MILTON, Ga. — Milton’s proposed equestrian zoning district was the main topic at the City Council’s Dec. 9 work session.
The proposed district, now being drawn up by TSW Consulting, seeks to preserve the city’s farms and large land lots, but it won’t come without challenges.
At the heart of the issue is how to incentivize owners of large properties to reconsider subdividing their land in the face of ever-increasing tax bills. Community Development Director Parag Agrawal said the city has received more than 600 permits for single-family homes over the past two years.
Councilwoman Laura Bentley said farmers are selling because of their property’s sizeable tax bill.
A potential solution is to open the doors for what TSW’s Caleb Racicot called value-added uses, which includes adding commercial aspects to farms. Racicot gave examples of a cheese shop operating on a farm, or a furniture manufacturing operation being permitted on agricultural land.
“There could be an opportunity in [the equestrian zoning] district to add value-added agricultural uses,” he said. “These would be low impact and small in size and scale, but we could allow those uses to occur.”
Racicot said an equestrian zoning district could allow for permanent structures on agricultural property. That could include allowing operations, such as bed and breakfasts, to operate by right. The city could also consider waiving the requirement for special use permits for certain commercial uses on farms, or it could expedite the permitting process
“One of the things we have recognized, and we have heard from the equestrian community and citizens, is that a lot of our regulations are too restrictive for them to be able to appropriately operate whatever their agricultural operation is,” City Manager Steve Krokoff said. “Part of what we’re trying to do here…is to not develop it at all. Keep it in operating form.”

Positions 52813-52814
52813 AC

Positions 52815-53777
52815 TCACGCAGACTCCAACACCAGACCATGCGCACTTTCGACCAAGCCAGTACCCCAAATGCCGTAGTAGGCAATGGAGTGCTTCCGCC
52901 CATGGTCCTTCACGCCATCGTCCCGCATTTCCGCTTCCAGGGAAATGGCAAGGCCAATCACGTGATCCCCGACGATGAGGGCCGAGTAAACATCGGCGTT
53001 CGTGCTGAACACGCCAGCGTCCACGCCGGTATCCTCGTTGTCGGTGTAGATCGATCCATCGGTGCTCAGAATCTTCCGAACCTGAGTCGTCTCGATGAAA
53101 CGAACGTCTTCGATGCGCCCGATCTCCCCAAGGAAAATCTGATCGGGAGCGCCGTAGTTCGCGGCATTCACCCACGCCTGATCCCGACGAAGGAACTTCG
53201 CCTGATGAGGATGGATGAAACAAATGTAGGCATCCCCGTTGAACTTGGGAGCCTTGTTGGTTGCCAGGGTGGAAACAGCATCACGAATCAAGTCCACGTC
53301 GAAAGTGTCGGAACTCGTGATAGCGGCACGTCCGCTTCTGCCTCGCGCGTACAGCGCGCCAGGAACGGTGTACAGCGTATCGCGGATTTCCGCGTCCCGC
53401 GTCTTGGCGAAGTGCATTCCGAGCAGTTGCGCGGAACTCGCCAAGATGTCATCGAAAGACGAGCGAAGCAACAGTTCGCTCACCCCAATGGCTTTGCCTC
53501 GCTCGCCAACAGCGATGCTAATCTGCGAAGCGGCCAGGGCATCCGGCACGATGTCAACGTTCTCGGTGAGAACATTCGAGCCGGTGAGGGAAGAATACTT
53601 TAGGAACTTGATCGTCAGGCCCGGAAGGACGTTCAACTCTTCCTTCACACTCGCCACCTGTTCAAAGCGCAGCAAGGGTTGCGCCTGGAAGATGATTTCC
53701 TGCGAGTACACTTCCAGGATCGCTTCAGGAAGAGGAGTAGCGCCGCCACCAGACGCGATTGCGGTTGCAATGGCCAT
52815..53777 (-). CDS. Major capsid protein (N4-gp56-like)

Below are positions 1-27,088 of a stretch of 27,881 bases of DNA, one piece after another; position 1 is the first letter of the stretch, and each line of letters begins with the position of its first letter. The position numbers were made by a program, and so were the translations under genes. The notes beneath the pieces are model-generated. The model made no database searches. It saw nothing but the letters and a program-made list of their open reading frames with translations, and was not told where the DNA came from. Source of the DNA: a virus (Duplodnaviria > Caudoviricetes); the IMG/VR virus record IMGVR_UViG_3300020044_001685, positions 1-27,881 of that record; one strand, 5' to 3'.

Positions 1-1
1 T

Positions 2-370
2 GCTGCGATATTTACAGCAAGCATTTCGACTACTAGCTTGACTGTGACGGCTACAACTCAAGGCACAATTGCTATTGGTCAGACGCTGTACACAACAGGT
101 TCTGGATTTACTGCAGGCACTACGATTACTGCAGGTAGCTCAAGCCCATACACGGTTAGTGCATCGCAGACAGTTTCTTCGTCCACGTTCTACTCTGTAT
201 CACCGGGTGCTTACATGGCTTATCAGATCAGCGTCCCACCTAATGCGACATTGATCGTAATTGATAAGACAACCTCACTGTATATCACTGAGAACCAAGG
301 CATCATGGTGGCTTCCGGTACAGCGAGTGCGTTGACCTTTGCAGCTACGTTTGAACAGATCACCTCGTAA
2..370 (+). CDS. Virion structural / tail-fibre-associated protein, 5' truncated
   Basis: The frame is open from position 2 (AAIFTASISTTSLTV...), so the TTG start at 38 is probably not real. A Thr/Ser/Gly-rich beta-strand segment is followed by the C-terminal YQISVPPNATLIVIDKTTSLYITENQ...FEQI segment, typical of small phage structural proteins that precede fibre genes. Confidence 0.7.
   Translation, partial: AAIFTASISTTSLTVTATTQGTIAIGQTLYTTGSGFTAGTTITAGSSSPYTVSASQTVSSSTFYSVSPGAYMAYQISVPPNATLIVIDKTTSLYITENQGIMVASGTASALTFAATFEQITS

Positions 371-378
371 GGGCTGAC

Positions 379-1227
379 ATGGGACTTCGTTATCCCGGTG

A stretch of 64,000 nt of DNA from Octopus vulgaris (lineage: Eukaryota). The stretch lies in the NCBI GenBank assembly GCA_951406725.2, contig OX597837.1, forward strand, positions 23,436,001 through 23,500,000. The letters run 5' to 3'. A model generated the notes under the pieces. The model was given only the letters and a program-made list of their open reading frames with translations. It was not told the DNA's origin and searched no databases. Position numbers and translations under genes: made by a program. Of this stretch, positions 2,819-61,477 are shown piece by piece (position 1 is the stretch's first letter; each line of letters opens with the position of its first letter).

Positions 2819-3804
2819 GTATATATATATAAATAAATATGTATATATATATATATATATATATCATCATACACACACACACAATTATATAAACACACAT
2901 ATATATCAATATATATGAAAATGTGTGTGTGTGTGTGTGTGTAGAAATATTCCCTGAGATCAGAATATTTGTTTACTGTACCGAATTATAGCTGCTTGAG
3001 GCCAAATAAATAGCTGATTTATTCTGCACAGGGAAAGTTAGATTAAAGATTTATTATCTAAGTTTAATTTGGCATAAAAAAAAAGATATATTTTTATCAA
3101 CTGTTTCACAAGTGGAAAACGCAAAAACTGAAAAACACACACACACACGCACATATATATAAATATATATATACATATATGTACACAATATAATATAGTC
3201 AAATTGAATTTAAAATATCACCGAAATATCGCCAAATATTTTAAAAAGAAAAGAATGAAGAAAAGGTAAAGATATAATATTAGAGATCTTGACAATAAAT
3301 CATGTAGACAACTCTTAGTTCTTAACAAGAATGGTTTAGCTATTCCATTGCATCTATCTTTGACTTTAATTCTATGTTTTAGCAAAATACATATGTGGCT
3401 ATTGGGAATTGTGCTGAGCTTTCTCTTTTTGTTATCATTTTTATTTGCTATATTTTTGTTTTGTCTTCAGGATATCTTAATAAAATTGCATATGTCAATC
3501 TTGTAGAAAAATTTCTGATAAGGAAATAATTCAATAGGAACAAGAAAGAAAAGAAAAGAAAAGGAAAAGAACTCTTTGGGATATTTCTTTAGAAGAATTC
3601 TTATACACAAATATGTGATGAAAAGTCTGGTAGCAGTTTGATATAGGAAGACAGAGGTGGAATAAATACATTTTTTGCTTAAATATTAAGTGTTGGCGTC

Incentives would not be limited to equestrian farms, but any agricultural use.
Bentley said the Conservation Use Valuation Assessment program presents a significant savings on property taxes for large lot owners. However, she said the city must work with Fulton County on its assessments because many residents who attended Milton’s recent CUVA workshop applied and are being denied.
Racicot said equestrian zoning could require larger lot sizes than AG-1, which has a minimum 1-acre lot requirement. It could also require buffers between residential properties and farms.
The city could also add a higher credit for landowners using Milton’s Transfer of Development Rights program, which allows property owners the ability to waive the right to develop land in exchange for the ability to build at higher densities in another area of the city. While the TDR program has mostly languished, giving owners of equestrian zoning properties added credits could draw more to use to the system, Racicot said.
If the city adopts an equestrian zoning district, Milton could allow property owners to rezone their AG-1 properties voluntarily.
The district and its incentives are still on the drawing board, but there is still some concern its creation could be all-for-naught.
Councilman Matt Kunz said it is vital the city show landowners how rezoning their property would be a better financial decision over selling.
Councilwoman Carol Cookerly said providing enough incentive for landowners could be a “tough nut to crack.”
“There are interesting ideas, but I still think we’re still nibbling around the edge of the real point, which is not to sell,” she said. “It could be the impossible.”